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What are the *True Facts* Regarding the Abortion-Approving Nun?

05/24/2010 Comments (392)

I’ve had several requests to comment on the announcement in the Diocese of Phoenix that Sr. Margaret McBride of the Sisters of Mercy (pictured) has incurred automatic excommunication for approving an abortion at St. Joseph’s Hospital and Medical Center in Phoenix.

So here goes.

As you would expect, Bishop Olmsted of Phoenix is being pilloried in connection with this, with the mainstream media and others trying to fit it to the “Cruel Bishop vs. Victim Nun” stock narrative (as opposed, e.g., to the “Conscientious Bishop Trying To Do His Job after Nun Approves Horror” narrative).

So let’s try to take an objective look at the situation, starting with the facts of the case.

Unfortunately, the facts of the case are not entirely clear. The identity of the mother who had the abortion, for example, has not been disclosed due to medical privacy laws, but here is what we know:

1) Last December a 27-year old woman with pulmonary hypertension was 11 weeks pregnant and sought some form of care at St. Joseph’s Hospital and Medical Center in Phoenix.

2) According to a statement of St. Joseph’s, a consultation was held “with the patient, her family, her physicians, and in consultation with the Ethics Committee, of which Sr. Margaret McBride is a member.”

3) It was decided that “the treatment necessary to save the mother’s life required the termination of an 11-week pregnancy.”

4) The abortion was performed, though the means by which it was done is not clear. Presumably it was suction aspiration, or possibly dilation and curettage since RU 486 does not seem to be recommended for 11 pregnancies. The Arizona Republic states that it was a “surgery,” which would also point to either suction-aspiration or D & C, but it mentions this only in passing, and so it could be something the reporter assumed, not what actually happened. If it was (as I strongly suspect), suction-aspiration or D & C then the child was directly torn in pieces as part of the procedure.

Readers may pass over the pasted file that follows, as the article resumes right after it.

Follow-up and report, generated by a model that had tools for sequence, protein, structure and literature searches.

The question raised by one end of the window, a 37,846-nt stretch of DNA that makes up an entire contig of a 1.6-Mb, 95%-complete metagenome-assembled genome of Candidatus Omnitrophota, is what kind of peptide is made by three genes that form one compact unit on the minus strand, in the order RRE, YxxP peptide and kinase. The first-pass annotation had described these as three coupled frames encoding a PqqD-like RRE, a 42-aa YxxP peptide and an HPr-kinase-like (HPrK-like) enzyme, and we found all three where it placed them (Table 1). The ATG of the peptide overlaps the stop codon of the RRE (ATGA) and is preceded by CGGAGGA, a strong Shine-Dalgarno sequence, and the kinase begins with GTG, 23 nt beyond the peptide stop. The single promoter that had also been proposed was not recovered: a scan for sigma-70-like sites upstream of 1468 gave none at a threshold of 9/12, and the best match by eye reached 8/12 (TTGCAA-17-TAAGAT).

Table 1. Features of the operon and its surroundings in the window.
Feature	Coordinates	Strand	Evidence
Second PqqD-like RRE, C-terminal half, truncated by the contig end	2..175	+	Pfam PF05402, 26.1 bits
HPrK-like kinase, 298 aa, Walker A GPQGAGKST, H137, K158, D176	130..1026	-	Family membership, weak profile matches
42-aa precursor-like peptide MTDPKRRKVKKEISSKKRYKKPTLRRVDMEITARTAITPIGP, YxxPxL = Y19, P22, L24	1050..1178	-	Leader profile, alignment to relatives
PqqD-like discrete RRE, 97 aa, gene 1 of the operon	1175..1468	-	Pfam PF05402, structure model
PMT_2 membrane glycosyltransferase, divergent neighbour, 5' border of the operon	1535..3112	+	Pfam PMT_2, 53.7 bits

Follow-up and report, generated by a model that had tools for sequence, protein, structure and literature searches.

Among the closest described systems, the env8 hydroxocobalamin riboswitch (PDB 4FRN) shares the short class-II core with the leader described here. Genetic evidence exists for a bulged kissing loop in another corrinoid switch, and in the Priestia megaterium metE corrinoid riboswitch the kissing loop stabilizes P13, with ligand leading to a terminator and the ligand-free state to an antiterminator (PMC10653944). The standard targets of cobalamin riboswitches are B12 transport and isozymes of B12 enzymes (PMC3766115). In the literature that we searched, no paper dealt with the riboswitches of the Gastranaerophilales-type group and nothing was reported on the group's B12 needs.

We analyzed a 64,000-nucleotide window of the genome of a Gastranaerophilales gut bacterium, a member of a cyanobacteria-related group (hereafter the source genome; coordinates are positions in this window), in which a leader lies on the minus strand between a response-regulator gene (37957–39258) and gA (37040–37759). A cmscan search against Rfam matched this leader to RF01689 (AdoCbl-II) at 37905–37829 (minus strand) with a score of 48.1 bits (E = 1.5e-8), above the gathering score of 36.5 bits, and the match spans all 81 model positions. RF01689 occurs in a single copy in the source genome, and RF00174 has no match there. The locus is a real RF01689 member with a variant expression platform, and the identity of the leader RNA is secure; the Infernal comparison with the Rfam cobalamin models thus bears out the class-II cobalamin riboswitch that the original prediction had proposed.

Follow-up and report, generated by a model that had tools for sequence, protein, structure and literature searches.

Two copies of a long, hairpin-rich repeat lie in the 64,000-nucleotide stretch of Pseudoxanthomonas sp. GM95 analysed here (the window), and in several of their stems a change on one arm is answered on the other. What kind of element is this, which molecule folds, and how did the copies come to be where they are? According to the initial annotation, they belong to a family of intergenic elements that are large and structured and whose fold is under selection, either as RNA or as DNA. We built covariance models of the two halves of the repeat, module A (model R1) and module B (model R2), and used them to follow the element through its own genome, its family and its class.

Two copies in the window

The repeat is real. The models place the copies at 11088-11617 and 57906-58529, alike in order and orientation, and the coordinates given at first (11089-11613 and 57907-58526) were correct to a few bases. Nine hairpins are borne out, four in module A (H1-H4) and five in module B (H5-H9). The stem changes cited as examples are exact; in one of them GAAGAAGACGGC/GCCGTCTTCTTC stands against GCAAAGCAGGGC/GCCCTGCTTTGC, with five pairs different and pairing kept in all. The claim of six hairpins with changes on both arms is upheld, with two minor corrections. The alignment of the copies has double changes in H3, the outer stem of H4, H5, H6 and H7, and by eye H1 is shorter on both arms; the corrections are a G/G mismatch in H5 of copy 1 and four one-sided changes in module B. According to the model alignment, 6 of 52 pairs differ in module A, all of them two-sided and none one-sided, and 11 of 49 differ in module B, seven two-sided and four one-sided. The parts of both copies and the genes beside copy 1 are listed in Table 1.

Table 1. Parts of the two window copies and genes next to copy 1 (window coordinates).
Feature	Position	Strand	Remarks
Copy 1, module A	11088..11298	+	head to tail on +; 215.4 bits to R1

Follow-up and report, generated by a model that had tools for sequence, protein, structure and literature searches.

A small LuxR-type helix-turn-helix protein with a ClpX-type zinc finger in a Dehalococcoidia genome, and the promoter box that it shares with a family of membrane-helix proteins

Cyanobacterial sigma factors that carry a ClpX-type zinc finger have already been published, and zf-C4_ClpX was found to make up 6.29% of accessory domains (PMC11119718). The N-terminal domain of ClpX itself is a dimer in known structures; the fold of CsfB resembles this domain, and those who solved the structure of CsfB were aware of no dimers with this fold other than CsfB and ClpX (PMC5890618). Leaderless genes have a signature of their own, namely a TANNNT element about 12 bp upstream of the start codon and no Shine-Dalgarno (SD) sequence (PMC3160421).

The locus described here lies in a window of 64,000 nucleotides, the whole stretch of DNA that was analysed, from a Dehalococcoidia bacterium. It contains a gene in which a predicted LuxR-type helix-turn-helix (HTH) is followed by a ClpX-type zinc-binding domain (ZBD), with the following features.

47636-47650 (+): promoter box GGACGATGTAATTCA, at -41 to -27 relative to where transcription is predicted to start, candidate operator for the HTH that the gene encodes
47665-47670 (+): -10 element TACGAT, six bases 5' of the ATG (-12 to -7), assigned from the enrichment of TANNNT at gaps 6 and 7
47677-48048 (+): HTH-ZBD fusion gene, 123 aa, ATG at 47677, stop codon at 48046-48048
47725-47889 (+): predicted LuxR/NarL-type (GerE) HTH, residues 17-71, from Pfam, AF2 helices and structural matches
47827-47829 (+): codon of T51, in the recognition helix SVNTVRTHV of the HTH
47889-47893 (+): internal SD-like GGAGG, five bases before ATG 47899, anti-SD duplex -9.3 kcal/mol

5) At some point this came to the attention of the Diocese of Phoenix, and Sr. McBride confirmed to Bishop Olmsted that she had approved the abortion.

6) At some point, presumably after this, Sr. McBride was reassigned within St. Joe’s. Neither the diocese nor the hospital has said whether Bishop Olmsted had a role in the reassignment.

7) Also at some point, presumably at about the same time, Sr. McBride was informed that she had incurred a latae sententiae (automatic) excommunication per canon 1398 of the Code of Canon Law, which states: “A person who procures a completed abortion incurs a latae sententiae excommunication.”

8) At some point the reassignment of Sr. McBride came to the attention of the Arizona Republic, whose staff contacted both Bishop Olmsted and St. Joseph’s for statements.

9) On or about May 14, St. Joseph’s confirmed to the Arizona Republic that an abortion had taken place there in December. On or about this same date it provided a statement to the newspaper.

10) On May 14, Bishop Olmsted provided a statement as well.

11) On May 15, the Arizona Republic published the statements online (kudos to the Arizona Republic for doing so instead of hiding them and merely quoting and summarizing them without showing us the context).